This is why German people will often refer to tall people as "big" :)

    Cousin, Cousine

    These are French words. While it is possible to write Cousine as Kusine now, German never found a way to actually spell Cousin differently. This is because German originally does not have the French sound at the end. Some people pronounce it like "Kusäng" instead.

    Die Frau kennt seinen Onkel - Why not ihren Onkel?

    Both Die Frau kennt ihren Onkel and Die Frau kennt seinen Onkel are grammatically correct, but they don't have the same meaning.

    When you say Die Frau kennt ihren Onkel, you're either talking about the woman's own uncle, another female person's uncle, or the uncle of multiple people.

    When you say Die Frau kennt seinen Onkel, you're talking about another person's uncle, and that person is male. People can know other people's relatives.

  • ••• 05 Languages131 @ 100% 0

    Perfect tense: no ge-

    Remember that the standard way to create the perfect participle is to add ge- to the beginning of the verb stem, and -t to the end:

    • machen > gemacht
    • kaufen > gekauft

    Verbs that do not have the stress on the first syllable do not get a ge- in the beginning.

    There are two classes of these. First, it includes all verbs ending in -ieren, as these are stressed on the -ie-:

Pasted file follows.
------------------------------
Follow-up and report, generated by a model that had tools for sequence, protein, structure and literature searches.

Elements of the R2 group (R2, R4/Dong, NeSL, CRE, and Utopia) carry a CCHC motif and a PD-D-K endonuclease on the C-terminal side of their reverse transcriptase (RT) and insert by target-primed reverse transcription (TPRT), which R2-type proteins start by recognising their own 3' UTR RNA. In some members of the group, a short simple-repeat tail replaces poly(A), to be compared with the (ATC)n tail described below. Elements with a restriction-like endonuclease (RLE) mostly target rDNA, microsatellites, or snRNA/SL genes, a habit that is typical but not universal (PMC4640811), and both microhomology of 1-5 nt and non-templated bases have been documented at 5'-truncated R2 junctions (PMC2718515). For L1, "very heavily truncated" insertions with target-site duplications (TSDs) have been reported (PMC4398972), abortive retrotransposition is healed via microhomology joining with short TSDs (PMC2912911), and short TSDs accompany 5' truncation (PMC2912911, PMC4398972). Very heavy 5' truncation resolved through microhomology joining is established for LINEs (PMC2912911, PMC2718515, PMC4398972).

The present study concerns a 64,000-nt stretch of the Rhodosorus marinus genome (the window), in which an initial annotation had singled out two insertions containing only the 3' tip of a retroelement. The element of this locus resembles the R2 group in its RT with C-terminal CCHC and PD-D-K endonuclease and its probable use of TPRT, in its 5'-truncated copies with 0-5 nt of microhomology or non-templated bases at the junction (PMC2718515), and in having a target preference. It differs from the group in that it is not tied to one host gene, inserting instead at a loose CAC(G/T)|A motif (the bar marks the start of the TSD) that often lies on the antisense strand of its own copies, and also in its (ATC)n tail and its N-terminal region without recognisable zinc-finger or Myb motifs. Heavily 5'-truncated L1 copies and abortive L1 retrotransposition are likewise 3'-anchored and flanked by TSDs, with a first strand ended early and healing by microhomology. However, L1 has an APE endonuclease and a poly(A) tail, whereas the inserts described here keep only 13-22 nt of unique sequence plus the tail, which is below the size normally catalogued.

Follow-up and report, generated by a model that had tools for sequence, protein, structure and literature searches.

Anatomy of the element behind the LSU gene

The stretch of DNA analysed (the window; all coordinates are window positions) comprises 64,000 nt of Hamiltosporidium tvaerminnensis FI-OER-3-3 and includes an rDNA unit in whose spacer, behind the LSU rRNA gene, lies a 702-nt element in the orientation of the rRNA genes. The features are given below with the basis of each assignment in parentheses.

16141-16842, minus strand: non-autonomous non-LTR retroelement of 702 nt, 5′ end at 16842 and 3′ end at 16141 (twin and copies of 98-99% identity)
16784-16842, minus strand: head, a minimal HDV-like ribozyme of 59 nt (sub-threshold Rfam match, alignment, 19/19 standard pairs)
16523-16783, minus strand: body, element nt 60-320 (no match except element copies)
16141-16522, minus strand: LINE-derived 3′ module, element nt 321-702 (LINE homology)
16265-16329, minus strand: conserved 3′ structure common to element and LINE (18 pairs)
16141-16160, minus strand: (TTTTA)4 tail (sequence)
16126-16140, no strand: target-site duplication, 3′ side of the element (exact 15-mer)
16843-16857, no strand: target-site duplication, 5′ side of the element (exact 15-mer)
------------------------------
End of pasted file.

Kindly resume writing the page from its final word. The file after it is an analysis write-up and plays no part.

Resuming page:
• markieren > er hat markiert
    • telefonieren > er hat telefoniert

    The other one you will encounter in the next skill.

    Notice that these look like the third person singular, but they are not:

    • Er markiert (present tense, third person)
    • Ich habe markiert (perfect tense, first person)
  • ••• 05 Leisure142 @ 100% 0

    Dative plural: "n" all the way!

    Remember that the ending for articles, pronouns and adjectives is -n in dative plural:

    • mit den alten Autos (with the old cars)

    In addition, plural nouns that do not end in -n already will also get an -n:

    • der Freund, die Freunde (the friend, the friends)
    • mit meinen alten Freunden (with my old friends)

    As you can see above, -s plural endings break this rule.

  • ••• 05 Plans91 @ 100% 0
  • ••• 05 Apartment92 @ 100% 0
  • ••• 05 Shopping101 @ 100% 0
    apotheke · apotheke · apotheken · billig · bäckerei · bäckerei · bäckereien · einkaufswägen · einkaufszentrum · geschäft · gratis · gutschein · gutschein · gutscheine · gutscheine · kasse · kassen · kunde · kunden · kunden · kunden · kundinnen · laden · läden · marktplatz · sonderangebot · sonderangebot · sonderangebote · supermarkt · supermarkt · supermärkte · tüte · tüten · verkaufe · verkaufen · verkaufst · verkauft
    37 words

    Kaufen vs. einkaufen

    Kaufen is normally used in the meaning of "to buy":

    • Ich kaufe einen Hut.

    Einkaufen is normally used without an object, and often refers to shopping. It can be used in conjunction with gehen:

    • Ich kaufe im Supermarkt ein. (I shop in the supermarket)
    • Wann gehst du einkaufen? (When do you go shopping?)

    Verkaufen means "to sell". The prefix ver- is often associated with an "away" notion.

    Laden, Geschäft